People who tend to have negative perceptions may be more likely to develop Alzheimer's disease later in life than those who do not have such thoughts, a new study says.
Researchers from Yale's School of Public Health examined the brain autopsies of dementia-free individuals who took part in the Baltimore Longitudinal Study of Aging (BLSA).
They discovered that participants who held stereotypical ideas on fading memory and aging, such as grouchiness, absent-mindedness and the inability to learn new things, experienced a higher risk of developing brain changes that are often seen in Alzheimer's patients.
Through the help of magnetic resonance imaging (MRI), the team found that the participants' hippocampus, which is the part of the brain associated with memory, shrank by as much as three times compared to its normal volume.
Despite finding a link between stereotypes and Alzheimer's disease, the researchers said the study was not designed to determine a potential reason for this occurrence.
Prof. Becca Levy, one of the researchers involved in the study, pointed out that this could be caused by increasing stress levels as a result of having negative thoughts on aging. She said that stress is a known driving force for developing Alzheimer's disease.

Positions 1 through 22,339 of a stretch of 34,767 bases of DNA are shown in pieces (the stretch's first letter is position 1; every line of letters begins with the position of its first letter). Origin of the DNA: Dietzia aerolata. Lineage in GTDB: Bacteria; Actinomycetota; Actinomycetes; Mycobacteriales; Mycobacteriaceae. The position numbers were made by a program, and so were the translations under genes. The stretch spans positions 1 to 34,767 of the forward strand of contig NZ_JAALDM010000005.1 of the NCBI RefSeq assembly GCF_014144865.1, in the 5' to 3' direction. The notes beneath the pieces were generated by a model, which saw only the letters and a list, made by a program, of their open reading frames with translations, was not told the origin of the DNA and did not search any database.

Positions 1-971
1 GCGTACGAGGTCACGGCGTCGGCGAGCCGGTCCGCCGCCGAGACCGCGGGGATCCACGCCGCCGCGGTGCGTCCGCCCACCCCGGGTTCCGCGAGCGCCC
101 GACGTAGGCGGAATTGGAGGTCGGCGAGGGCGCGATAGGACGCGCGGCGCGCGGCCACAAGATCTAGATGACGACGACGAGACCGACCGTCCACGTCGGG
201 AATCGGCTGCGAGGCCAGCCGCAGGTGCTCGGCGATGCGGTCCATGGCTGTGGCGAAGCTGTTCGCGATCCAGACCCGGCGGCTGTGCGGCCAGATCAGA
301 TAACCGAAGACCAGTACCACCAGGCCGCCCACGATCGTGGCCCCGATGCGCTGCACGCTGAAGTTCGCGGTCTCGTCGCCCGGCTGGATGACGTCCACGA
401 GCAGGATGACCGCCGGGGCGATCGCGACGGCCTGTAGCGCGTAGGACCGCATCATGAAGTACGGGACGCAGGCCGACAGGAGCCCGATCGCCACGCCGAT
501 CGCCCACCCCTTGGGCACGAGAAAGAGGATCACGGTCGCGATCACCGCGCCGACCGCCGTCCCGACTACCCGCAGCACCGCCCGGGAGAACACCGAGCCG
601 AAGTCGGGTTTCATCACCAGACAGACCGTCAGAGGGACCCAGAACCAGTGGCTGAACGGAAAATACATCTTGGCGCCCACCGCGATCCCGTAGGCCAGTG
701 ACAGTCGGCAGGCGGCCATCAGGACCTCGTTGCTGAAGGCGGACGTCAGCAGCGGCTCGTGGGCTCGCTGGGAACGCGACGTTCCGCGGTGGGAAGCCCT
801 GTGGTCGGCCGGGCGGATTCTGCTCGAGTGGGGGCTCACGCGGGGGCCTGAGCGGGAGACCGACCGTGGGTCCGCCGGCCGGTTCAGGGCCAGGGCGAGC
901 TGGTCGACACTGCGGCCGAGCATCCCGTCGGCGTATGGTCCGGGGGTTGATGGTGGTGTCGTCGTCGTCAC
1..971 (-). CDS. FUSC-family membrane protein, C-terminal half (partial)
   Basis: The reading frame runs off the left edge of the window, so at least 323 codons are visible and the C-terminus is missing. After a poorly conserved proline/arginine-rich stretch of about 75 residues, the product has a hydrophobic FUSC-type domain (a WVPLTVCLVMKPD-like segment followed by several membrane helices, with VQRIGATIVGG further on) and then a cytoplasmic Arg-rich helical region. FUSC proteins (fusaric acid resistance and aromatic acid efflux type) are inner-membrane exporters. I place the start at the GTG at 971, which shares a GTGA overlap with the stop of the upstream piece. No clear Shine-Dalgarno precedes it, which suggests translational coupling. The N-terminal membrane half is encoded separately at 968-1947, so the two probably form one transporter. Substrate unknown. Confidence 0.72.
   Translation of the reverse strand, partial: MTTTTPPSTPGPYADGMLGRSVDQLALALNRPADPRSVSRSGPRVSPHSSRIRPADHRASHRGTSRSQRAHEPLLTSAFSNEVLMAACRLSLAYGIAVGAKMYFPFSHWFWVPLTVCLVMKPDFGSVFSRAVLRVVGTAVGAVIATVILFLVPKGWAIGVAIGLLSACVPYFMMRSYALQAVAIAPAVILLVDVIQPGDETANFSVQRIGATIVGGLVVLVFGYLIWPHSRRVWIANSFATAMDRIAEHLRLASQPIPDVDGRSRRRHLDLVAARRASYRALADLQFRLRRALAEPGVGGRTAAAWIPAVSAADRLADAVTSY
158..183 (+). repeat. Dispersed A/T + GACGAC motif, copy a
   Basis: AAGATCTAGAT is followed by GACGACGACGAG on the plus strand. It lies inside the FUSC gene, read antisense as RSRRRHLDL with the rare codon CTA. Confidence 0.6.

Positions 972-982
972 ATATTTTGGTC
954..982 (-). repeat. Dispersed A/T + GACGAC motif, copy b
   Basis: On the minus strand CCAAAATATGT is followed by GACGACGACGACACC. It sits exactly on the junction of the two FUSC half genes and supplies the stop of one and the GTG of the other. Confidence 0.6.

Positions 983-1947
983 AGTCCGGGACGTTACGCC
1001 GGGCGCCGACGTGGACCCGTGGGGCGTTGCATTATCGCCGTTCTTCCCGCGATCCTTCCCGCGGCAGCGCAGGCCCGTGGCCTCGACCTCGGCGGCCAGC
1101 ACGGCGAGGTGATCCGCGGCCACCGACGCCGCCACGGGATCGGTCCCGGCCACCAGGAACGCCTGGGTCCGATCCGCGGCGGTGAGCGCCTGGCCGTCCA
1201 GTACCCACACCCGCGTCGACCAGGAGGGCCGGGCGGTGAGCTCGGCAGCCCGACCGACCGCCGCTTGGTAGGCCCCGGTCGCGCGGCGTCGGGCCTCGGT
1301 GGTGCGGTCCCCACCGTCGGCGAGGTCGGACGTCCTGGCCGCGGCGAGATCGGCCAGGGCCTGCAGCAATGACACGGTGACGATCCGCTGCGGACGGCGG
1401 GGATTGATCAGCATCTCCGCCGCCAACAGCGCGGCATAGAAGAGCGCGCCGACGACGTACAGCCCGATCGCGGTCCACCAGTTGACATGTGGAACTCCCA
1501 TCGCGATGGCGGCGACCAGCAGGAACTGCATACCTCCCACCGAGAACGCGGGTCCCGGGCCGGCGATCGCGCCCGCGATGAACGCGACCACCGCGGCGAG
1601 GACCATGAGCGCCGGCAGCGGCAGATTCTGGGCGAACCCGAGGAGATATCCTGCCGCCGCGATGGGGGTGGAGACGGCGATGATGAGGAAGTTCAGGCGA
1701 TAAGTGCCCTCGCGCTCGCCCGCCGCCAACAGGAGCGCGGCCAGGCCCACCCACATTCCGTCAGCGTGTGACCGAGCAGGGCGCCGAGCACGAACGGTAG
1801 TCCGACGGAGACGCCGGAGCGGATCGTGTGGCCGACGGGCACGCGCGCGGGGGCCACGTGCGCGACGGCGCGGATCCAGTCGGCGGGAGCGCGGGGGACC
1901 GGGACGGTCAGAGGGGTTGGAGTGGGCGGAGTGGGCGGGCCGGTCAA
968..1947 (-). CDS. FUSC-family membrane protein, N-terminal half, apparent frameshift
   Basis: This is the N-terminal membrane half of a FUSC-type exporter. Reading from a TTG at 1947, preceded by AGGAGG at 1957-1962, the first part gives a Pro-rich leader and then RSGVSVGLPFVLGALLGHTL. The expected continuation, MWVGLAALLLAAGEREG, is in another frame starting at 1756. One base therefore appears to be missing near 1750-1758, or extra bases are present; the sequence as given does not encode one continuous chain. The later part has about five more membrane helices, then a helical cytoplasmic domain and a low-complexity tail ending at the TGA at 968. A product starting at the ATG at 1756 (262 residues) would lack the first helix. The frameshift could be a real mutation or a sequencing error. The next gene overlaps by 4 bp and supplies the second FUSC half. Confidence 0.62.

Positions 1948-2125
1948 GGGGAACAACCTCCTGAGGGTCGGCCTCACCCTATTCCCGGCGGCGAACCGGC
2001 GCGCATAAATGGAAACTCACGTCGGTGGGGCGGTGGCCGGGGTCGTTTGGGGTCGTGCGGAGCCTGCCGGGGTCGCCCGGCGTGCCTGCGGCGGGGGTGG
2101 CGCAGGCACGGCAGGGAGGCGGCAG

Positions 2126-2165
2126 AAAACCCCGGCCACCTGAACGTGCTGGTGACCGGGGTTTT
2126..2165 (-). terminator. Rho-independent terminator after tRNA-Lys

"The positive message here is that our thinking about aging is modifiable," Levy said.
"It can be changed. So if we can reduce ageism, and promote more-positive views on getting older, it could perhaps be one way to reduce Alzheimer's risk."
Dr. Amy Kelley, an expert on aging from the Icahn School of Medicine, however, disagrees with the idea that stress alone causes the increase in disease risk.
Kelley said that while the findings of the study provide an interesting association between stress and Alzheimer's, it is still difficult to determine the exact cause of the disease because there are many other factors aside from stress that could be involved.
She added that people who tend to have more negative thoughts could also be less inclined to exercise or eat healthily, which could also play a role in increasing their risk of developing Alzheimer's disease.
The Alzheimer's Association (ALZ) said that approximately five million people living in the United States suffer from Alzheimer's. Most of these individuals are beyond 65 years old.
The findings of the Yale School of Public Health study are featured in the journal Psychology and Aging.
Photo: Michael Havens | Flickr